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Preparing for the End


Herod’s Temple was destroyed by the Romans in 70 AD with an incredible amount of violent bloodshed. In The Jewish War, historian Flavius Josephus describes the destruction with horrific and vivid words: “Crowded together around the entrances many were trampled by their friends, many fell among the still hot and smoking ruins of the colonnades and died as miserably as the defeated. Everywhere was slaughter and flight.” So great was the bloodshed, one very well might have mistaken those days for the last days.

Jesus predicted the destruction of the Temple, even while it still stood in magnificent splendor. Incredulous, the disciples pressed Him for more details wanting to know where and when it would happen so they could be prepared. The “end” Jesus speaks of here refers both to the destruction of Herod’s Temple in the time of the disciples as well as the end described in Revelation. Those living in the first century were to remain on their guard; those believers who are alive and the time of the rebuilding of the temple should be on their guard for persecution and attempts at deception.

Jesus’ explanation of events associated with the complete destruction of the Temple calls the reader to be watchful for deceivers in order to endure to that final end. Today, many try to take advantage of people’s fears, pointing to the chaos in our world, as we near the time of the return of Christ.

Yet our response to the hope of Christ’s return is to be watchful, guarding ourselves against deceiving words about His return and preparing without anxiety for the world’s hatred toward us to increase. We know that our Lord will be victorious, He will destroy His enemies. And we will be with Him in joy forever.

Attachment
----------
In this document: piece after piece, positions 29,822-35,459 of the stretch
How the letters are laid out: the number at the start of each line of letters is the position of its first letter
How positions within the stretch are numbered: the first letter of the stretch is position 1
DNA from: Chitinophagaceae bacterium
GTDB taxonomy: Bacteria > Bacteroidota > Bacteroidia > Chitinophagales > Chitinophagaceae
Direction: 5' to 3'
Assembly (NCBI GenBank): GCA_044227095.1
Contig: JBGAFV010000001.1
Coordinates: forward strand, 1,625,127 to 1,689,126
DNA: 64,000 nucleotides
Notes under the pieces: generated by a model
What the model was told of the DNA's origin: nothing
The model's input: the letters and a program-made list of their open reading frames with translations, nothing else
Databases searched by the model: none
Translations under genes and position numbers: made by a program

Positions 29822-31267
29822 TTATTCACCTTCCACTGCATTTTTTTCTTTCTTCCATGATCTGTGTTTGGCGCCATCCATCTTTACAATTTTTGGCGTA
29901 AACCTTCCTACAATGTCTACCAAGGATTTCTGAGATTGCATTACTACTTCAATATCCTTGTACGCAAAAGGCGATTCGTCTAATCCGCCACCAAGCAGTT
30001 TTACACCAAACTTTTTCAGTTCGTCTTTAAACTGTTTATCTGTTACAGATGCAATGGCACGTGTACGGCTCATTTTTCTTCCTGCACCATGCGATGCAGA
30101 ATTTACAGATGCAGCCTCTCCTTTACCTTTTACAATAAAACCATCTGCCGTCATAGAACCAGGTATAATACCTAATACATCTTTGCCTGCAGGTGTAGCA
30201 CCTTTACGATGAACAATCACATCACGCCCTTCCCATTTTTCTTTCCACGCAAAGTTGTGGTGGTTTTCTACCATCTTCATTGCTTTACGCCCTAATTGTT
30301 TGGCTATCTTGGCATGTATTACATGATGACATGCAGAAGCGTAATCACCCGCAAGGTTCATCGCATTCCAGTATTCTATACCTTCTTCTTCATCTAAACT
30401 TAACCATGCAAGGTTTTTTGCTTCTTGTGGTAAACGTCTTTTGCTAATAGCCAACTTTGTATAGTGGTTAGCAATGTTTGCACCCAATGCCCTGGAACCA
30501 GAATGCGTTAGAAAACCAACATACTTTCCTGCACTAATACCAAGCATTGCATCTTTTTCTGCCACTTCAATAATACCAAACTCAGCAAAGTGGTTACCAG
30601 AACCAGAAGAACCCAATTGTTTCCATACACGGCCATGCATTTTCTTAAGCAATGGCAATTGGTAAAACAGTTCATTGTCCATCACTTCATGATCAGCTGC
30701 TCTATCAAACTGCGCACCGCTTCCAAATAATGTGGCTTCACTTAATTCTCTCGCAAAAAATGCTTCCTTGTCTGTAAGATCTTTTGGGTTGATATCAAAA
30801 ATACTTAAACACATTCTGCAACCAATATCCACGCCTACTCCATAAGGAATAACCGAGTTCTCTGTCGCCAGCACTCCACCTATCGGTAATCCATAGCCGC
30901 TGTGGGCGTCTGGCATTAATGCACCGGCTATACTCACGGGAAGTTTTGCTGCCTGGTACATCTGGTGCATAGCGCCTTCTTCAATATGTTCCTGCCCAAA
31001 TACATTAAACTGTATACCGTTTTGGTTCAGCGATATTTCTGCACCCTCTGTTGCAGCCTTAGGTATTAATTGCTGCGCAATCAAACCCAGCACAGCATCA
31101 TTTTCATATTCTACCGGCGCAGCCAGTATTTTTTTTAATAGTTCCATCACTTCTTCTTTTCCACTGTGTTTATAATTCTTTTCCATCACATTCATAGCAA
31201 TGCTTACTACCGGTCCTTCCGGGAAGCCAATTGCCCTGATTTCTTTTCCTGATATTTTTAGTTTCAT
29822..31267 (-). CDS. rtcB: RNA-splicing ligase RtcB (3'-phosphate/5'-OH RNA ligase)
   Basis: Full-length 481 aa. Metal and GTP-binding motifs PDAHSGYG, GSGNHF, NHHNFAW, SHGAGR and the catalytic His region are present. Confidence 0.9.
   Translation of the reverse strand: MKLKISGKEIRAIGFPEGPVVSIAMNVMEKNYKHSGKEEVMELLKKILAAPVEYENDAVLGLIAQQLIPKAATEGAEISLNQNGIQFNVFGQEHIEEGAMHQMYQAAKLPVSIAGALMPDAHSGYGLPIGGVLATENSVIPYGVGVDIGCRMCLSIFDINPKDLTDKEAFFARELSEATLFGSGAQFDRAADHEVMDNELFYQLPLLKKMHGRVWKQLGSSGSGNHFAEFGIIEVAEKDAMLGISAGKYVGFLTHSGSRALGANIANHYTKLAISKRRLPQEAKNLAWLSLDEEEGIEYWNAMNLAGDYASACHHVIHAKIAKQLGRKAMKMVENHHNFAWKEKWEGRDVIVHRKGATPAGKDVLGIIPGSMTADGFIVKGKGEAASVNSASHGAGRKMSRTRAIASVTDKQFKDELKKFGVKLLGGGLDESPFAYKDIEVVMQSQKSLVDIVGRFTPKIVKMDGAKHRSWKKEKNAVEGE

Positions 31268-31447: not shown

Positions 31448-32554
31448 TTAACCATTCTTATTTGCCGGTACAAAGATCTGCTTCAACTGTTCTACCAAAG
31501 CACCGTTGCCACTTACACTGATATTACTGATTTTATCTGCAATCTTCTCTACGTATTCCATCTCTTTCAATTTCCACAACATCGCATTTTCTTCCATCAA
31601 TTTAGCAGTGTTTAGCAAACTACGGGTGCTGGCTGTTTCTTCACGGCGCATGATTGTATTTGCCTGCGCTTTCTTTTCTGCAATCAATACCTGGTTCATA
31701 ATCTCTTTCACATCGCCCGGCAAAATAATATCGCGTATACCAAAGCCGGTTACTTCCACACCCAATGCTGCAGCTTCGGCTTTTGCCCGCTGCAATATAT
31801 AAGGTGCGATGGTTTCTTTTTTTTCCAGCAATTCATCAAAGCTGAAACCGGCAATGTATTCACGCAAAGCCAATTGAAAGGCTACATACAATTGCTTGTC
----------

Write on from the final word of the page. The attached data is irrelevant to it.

Apply the Word

We are not to be anxious and fearful, but to be firm in our faith. The Lord promises salvation to “the one who stands firm” (v. 13). Losing salvation is not possible for the believer. But those who turn forever away from a profession of Christ reveal themselves as never having truly accepted Him. Those belonging to God will never lose their hope.

BY Eric C. Redmond

Eric C. Redmond serves as an assistant professor of Bible at Moody Bible Institute in Chicago and as associate pastor of adult ministries at Calvary Memorial Church in Oak Park, Ill. He is married to Pam and they have five children. He is the author of Where Are All the Brothers? Straight Answers to Men's’ Questions about the Church (Crossway), a commentary on Jonah in the Christ-Centered Exposition Series (B&H Publishers), and a study guide on Ephesians in the Knowing the Bible series (Crossway).

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